A few months ago I began to see people posting things on social media sites like Facebook and Twitter saying that it was wrong to say that “All lives matter”.
Now I know that many people do not believe that all lives matter (I’m talking about human lives here). Many people divide the human race into “us” and “them”, and believe that “our” lives matter more than “their” lives. Some speak about the cost of this or that action in terms of “American lives” or “British lives” or “Jewish lives”, as if these lives were more important than other lives. I think we all have that tendency. I know that the death of someone I know and love affects me more than the death of a complete stranger.
But where it gets weird is when people start giving different values to different groups of strangers, and not in relation to death as such, which happens to all of us, but death at the hands of other people. I’m not just talking of dying here, but of killing, or hastening the death of someone by some deliberate human act. And it is in that context that I say “all lives matter”. And it is in that context that I find it very strange when people say that it is wrong to say that all lives matter.
Over the last couple of years there have been a number of news reports of police in the USA assaulting and sometimes killing unarmed people, usually young people, and a disproportionate number of those young people were black. So people came up with the Twitter hashtag #blacklivesmatter, because they believed, not without reason, that many policeman believed, or acted as though they believed, that black lives mattered less than white lives. I preferred to use the hashtag #policebrutality for such incidents, because I believe that all lives matter. I have already blogged about that here, so before anyone starts explaining to me that I don’t understand the context, please read that. And please read what follows to understand why I say I believe that “all lives matter”, and why it is important.
If you Google the phrase “all lives matter” you will find that a lot of people, especially in the USA are saying that it is wrong to use that phrase. But they generalise it outside their own particular context, and some of the people who were saying that it was wrong were not in the USA, but in Britain and elsewhere. I believe that those who say that it is wrong to use that phrase have lost not only their moral compass, but also their reason. Unless, of course, you really believe it. Then you may have lost your moral compass, but your reason is intact. If you believe that Syrian or Afghan lives matter less than American lives, then obviously you won’t believe that all lives matter, and you might have a good reason for thinking that the only good Syrian refugee is a dead one.
But my use of all lives matter goes back quite a long time before that.
Soon after the end of apartheid and South Africa’s first democratic elections, white people who longed for the “good old days” of apartheid began speaking of “white genocide” and propagating the idea that the murder of white farmers by armed robbers was evidence of such genocide. It seemed pretty clear from the way in which they told these stories that the aim was to to show that they were right all along — if you give blacks political power, there will be a bloodbath and “they” will kill all the whites. In view of the obvious political motive, it is difficult to know whether the figures they give are accurate, or exaggerated for the purposes of political propaganda.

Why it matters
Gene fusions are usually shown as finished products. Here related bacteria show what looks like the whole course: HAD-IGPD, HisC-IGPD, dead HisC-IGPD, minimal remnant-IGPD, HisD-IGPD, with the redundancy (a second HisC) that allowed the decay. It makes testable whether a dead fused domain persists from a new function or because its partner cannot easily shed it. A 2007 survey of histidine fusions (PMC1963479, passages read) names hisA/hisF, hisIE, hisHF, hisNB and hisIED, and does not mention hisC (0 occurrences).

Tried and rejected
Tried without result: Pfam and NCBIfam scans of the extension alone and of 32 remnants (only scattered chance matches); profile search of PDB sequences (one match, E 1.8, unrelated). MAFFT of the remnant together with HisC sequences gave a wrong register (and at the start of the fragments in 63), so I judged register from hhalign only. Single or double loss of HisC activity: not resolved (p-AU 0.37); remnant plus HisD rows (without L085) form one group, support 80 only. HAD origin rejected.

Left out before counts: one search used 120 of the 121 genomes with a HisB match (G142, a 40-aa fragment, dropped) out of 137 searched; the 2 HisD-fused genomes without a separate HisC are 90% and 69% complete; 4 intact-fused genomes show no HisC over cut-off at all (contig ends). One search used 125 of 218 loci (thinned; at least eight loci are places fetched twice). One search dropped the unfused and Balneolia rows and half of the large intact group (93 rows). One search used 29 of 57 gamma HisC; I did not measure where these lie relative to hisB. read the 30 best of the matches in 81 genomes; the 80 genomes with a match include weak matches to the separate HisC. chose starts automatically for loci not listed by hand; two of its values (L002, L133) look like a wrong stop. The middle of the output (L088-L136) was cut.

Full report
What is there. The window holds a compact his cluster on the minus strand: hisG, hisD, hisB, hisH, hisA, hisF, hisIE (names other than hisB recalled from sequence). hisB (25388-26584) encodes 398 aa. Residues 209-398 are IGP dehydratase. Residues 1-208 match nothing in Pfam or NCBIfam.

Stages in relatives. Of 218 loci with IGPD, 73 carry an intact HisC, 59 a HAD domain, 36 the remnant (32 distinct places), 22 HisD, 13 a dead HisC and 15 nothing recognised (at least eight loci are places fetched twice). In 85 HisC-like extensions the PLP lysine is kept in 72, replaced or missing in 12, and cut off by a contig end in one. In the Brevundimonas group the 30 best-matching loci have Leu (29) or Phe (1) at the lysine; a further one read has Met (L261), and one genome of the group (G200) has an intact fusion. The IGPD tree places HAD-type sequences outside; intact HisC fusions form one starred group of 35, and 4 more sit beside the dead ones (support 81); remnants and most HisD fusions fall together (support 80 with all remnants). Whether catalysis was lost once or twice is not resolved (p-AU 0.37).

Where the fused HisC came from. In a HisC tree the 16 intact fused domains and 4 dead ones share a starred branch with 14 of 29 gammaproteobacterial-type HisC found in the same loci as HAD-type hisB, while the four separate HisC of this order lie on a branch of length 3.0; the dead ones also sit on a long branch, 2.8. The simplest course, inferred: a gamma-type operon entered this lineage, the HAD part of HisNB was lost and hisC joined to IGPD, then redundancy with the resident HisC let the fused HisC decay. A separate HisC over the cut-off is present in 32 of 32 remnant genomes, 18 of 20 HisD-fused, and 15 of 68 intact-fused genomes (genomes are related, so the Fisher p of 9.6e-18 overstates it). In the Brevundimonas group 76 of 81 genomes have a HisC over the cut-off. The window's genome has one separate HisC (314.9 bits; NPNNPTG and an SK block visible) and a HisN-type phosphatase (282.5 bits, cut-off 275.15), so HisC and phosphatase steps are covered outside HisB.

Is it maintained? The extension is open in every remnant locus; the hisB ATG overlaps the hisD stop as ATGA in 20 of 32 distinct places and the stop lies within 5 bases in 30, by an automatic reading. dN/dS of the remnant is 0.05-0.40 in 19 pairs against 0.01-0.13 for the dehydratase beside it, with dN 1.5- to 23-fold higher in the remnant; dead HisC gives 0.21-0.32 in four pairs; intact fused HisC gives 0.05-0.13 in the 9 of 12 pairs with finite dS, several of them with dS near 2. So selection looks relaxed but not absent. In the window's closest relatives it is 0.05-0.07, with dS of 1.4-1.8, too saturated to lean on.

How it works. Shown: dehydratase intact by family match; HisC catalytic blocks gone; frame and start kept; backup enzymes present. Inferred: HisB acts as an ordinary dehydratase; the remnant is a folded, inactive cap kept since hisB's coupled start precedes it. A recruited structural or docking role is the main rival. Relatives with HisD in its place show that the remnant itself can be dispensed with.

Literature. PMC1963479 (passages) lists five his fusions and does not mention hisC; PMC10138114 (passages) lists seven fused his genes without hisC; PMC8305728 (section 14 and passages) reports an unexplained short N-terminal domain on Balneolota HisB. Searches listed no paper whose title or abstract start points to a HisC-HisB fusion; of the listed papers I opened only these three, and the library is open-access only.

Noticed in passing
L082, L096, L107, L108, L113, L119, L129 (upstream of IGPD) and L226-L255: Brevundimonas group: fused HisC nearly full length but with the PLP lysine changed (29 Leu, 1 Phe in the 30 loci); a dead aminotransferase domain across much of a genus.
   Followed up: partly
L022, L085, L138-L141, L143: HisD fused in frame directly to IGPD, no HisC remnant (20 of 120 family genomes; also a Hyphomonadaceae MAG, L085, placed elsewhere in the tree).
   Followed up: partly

What did happen in the 1990s, however, was a dramatic increase in the crime rate.
That also happened in other countries that also made a transition from authoritarian rule to democracy in the same period, the Second-World countries of the former Soviet bloc. So it seems that more freedom meant more crime. Does that mean that we should go back to more authoritarian societies and give up our freedom?
In South Africa, as in other former authoritarian countries, the police were trained in detecting and neutralising perceived threats to the security of the state rather than catching criminals. One South African newspaper cartoon of the 1960s had two burglars with their loot watching a policeman passing by, and one said to other, “Don’t worry about him, he’s looking for integrationists.”
The lifting of economic sanctions against South Africa in that period opened the way for increased foreign trade, but it opened the way not only for legitimate businesses, but for crooked businesses as well, and crime syndicates from all over the world opened branches in South Africa, triads from Hong Kong, the Italian and Russian mafia, you name it. Nigerian drug dealers and Bulgarian car thieves poured in, looking for easy pickings. And the South African police couldn’t cope. They weren’t trained for such things. In addition, the apartheid government had had dealings with a lot of shady businesses for the purposes of sanctions busting, and the new government didn’t need them, so they had to look elsewhere for their profits.
So there was a crime wave, with local criminals competing with incoming criminals and the police caught fl;at-footed by the change. Was the new ANC government to blame? Yes, I believe they were, to some extent, because they did not move quickly to transform the police. They demilitarised the police in name, but not in mentality. The police learned a new politically-correct vocabulary. In the apartheid period the police had been the enemies of democracy, but parachuting in a few friendly senior officers and fast-tracking the promotion of a few others was not really transformation. They were cosmetic changes. And so there was a crime wave, and the police found it difficult to cope..
So yes, farmers probably did suffer more from the crime wave than other occupational groups, and because of the policies of the previous regime, most of the farmers who were worth robbing were white. Most of the black farmers had been deliberately dispossessed of their land and ethnically cleansed as a result of the apartheid policy.